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prototyping in a remote working environment with a high school entrepreneur startup team

How to Prototype with a Remote Team

By Laurie Stach

June 06, 2020

As we head towards the groundbreaking Virtual LaunchX Summer Program, one thing on many minds is how prototyping will work this year.  Will teams be limited to working only on software startups or phone applications?  

The short answer is that ALL startup options are still available - hardware, software, and applications.  Successful prototyping will come down to good communication within the team, determining the roles of your teammates, and leveraging some of the great tools and resources that are available for working remotely.  Lots of companies have been empowering remote teams for decades, and learning this work style and discipline is valuable for work of the future.

Objectives

Each startup team will be different in what they will want to accomplish, so keep that in mind.  Establish your individual and team objectives at the outset, keeping in mind that one condition for a sustainable company is paying customers.  We expect you to determine how to get revenue for your business, and to determine that early.  Prototyping will feed into that process, by allowing you to test the desirability, feasibility, and viability of your offering.

  • Testing desirability - this is often the most important thing to test early.  Testing the desirability means testing whether or not your customers really care or not.  Determine how your prototyping process will test if you are really solving the customer need in the way that you expect, and whether this matters to customers.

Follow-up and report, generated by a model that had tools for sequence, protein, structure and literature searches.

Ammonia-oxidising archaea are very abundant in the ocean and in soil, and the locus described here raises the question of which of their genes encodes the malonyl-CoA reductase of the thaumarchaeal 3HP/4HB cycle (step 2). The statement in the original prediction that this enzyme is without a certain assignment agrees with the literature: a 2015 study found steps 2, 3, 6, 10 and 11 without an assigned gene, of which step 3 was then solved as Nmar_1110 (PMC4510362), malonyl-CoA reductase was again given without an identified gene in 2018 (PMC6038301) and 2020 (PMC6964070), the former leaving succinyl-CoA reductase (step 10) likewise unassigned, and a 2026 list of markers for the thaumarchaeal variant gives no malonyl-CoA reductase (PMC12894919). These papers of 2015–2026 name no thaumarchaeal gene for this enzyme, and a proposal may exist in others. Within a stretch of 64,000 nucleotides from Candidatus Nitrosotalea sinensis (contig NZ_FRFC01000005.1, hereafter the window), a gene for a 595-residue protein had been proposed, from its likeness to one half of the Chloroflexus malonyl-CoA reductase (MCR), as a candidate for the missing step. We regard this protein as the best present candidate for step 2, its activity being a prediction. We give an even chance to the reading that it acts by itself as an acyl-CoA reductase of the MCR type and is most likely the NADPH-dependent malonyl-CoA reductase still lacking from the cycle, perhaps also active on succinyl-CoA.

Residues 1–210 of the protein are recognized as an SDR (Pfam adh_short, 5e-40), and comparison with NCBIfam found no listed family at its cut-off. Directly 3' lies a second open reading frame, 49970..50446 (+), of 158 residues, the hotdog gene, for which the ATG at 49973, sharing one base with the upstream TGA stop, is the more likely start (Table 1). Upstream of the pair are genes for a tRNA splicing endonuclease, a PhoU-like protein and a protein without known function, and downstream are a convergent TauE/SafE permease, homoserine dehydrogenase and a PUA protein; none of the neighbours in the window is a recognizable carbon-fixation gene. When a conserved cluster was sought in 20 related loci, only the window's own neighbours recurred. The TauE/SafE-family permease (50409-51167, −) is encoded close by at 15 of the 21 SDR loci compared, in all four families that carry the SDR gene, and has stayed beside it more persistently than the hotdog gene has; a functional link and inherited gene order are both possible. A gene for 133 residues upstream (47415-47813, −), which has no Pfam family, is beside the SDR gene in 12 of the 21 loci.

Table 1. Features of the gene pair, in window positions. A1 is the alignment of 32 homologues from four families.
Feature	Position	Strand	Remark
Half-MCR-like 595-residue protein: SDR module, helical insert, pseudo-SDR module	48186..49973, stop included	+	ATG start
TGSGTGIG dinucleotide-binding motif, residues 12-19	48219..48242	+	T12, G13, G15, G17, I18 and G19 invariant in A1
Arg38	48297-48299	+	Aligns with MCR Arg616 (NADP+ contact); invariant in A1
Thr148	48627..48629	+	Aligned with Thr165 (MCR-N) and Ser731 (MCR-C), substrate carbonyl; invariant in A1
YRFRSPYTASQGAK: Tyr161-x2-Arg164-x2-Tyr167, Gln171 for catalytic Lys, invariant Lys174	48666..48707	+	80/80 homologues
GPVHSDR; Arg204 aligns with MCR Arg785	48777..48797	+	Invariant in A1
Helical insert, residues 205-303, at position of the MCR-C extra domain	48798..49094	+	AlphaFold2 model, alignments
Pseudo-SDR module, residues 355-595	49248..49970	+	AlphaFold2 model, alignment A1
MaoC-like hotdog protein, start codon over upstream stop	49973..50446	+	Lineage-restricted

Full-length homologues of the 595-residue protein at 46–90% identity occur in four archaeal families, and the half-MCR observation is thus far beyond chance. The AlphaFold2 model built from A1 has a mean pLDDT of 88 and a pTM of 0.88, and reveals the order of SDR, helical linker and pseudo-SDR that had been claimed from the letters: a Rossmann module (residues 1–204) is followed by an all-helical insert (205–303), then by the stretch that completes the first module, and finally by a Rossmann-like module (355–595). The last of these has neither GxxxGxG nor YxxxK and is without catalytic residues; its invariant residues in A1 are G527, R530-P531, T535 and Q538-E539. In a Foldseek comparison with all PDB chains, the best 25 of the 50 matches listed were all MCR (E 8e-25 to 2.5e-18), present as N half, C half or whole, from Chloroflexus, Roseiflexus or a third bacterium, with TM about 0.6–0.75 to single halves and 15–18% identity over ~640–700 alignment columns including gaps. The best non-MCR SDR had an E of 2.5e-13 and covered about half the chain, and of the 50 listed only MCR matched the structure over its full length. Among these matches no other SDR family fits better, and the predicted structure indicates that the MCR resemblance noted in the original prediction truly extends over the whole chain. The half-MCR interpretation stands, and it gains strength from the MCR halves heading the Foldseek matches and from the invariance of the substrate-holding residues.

• Testing feasibility - this means testing whether or not you can actually make the offering in the form and feature set that you need.  Unless you are promising a challenging offering, the more challenging portion of feasibility is knowing how to focus the features to ensure you know the right things that the customer cares about most.

  • Testing viability - you will test the viability by getting customers to actually pay for your offering, and become viable by having sustainable paying customers over time.  You can begin to test the viability of your offering and different benefits and features before you even have it fully built through different sales and marketing.

Roles

Remote teams should assess their backgrounds and skills, as well as the themes of their drivers  in wanting to start a company.  We encourage teams to focus on what makes their team unique.  Not every team will have the perfect balance of skills, entirely complementary mindset, or perfectly overlapping interests, though rest assured that there is a reason that each team is together and that your team will be successful.